Opportunity Management

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The first component of Sales Cycle Management (SCM) is Opportunity Management. In traditional sales pipelines, salespeople and managers do not spend enough time focusing their efforts on the most promising sales. Instead, effort seems to be misplaced or spread evenly over all possible sales, even the ones that will probably not close. To counteract this, Opportunity Management is the process of tracking the work done before the sale, and adjusting resources and effort accordingly. It may seem at first to be more work than it’s worth, so let’s take a look at the benefits of OM.

First, tracking the work before the sale allows you to focus on the most promising sales. In traditional pipelines, even the “maybe” sales or the ones that may never close seem to stay in the pipeline. By focusing on the most promising, the effort goes full steam into closing and creating a relationship. Along these lines, OM allows sales managers to create a budget based on the expected return and expense on the client. Since you’re tracking the work the salespeople are doing, sales managers can look at that work and specifically coach to it. This specialized coaching will lead to improved results for the entire organization. But how can you go about creating an OM system?

The first step is to take the time to accurately identify the opportunities. Salespeople should initially come up with their own top ten list of promising clients. Each person should analyze the current pipeline and determine which potential sales should fall out of the top ten based on future possibility. Next, salespeople need to explain what’s happening with each of the top ten. This is where salespeople have to spend some time recording their activities accurately. In order to identify opportunities, they should record what’s being done on the sale at the current time: is a site visit scheduled, does the salesperson still have to get past a gatekeeper, has a presentation been made? To bring the identification full circle, they should go back and record past activity. Once this initial listing occurs, the top ten clients will be current and accurate. With this first step, you’re honing in on the most probable sales – and moving the “maybe’s” further down the line.

Next, it’s time to prioritize the top ten list itself. The first question is usually, “how do we record and prioritize?” A simple spreadsheet is the best way to start. There are full SCM software systems that require input from salespeople and sales managers – if your organization is ready for that step then the groundwork is done for you. If not, sales managers should impress on the sales force that the spreadsheet is like a golden scroll and should be updated and discussed at every sales meeting. Sales managers should hold the sales force accountable for what’s happening on their OM top ten list. If someone shows advancement on a particular client that suddenly stops, the salesperson should be able to give an explanation – and the sales manager can intervene or coach as necessary.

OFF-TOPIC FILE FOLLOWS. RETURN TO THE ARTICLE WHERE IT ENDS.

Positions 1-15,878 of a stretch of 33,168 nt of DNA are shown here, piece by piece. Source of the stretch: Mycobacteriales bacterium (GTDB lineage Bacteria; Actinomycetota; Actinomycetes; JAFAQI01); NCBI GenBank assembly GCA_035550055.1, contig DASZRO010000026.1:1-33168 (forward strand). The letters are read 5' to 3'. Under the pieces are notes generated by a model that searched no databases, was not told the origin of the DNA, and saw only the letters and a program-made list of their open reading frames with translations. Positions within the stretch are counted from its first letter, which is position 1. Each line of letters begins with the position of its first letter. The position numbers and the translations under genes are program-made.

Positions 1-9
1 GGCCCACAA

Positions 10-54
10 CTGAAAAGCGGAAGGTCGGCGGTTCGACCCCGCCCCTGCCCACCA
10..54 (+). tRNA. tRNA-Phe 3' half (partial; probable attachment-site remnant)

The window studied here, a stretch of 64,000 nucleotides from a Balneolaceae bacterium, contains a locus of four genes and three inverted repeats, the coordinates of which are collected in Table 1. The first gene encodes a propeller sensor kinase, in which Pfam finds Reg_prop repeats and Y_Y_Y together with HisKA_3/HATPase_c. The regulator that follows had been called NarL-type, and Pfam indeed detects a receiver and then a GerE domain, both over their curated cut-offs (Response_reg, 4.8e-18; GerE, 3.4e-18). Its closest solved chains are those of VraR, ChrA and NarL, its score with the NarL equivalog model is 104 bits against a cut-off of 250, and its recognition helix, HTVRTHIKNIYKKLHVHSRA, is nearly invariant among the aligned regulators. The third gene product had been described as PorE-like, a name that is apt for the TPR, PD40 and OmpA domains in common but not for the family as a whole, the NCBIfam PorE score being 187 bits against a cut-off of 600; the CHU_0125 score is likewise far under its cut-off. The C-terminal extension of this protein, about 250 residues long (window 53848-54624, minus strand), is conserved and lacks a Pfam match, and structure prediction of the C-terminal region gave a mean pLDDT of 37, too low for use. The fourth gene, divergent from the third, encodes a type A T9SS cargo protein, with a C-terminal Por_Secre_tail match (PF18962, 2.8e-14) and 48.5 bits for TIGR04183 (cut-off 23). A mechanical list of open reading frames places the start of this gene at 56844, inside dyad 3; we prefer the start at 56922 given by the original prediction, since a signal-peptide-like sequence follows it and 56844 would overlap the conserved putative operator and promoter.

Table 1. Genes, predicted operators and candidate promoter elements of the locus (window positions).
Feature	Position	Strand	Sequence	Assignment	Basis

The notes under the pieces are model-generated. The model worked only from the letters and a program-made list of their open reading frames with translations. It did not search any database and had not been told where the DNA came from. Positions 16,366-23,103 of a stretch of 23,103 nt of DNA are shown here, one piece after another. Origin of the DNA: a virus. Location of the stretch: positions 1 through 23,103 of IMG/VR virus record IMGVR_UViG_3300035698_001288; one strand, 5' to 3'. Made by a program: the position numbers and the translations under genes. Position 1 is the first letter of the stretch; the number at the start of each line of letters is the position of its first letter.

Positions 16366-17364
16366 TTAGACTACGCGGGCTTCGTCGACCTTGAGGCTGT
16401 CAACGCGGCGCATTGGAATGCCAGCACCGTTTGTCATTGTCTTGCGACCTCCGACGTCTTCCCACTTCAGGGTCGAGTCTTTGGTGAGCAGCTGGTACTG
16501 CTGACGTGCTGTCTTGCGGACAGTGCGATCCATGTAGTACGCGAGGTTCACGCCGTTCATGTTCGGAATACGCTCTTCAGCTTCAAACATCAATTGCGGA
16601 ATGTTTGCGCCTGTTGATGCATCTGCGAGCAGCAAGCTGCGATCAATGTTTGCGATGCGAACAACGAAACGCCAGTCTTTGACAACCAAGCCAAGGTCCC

The third step is to analyze the results based on the OM list. During the sales cycle, determine what the expected expense and expected return will be for each client on the top ten list. Determine if a relationship is possible with the clients, and, if so, what is the next product or service up? Sales managers can look at the big picture of what activity has occurred and determine if those can be better managed in the future. The analysis of the OM list prepares the sales force for what’s to come – and helps sales managers and salespeople carry out the last step of the OM process, which is allocating resources.

A sales manager can finally make the determination of where resources go in order to drive potential sales to close. Does the salesperson need a senior person with them? Are there other obstacles that need to be cleared in order to move the sale forward? From the salesperson’s perspective, proper allocation of resources can help them from being overwhelmed by the process – and can help them learn the budget, expense, and income formulas, as well.

Opportunity Management is only the first step in a full SCM system, but this step alone can point the way for the sales force and its managers. The next step in SCM is Sales Forecasting, and we’ll discuss that next.

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Bryant Nielson is heavily involved in the Corporate Training and Leadership and Talent space. He currently is the Managing Director for CapitalWave Inc and the training division, Financial Training Solutions. He brings a diverse corporate experience of organizational development, learning and talent development, and corporate training, that also includes personal coaching of top sales individuals and companies of all sizes. For the prior 4 years, Bryant was the Managing Director and Leadership and Talent Manager for Lengthen Your Stride! LLC. In this position, Nielson was the developer of all of the courses for MortgageMae University (MMU), the Realtor Development Center (RDC), and of Lengthen Your Stride! (LYS). In that position, he developed material, refined over many years of use and active training, and condensed the coursework and training to be high impact, natural learning, and comprehensive. Bryant has over 27 years of Senior Management experience encompasses running his own Training and mortgage firm, in New York City. He strongly believes that the corporate training is not to be static but should 'engage and inspire' students to greater productivity and performance.

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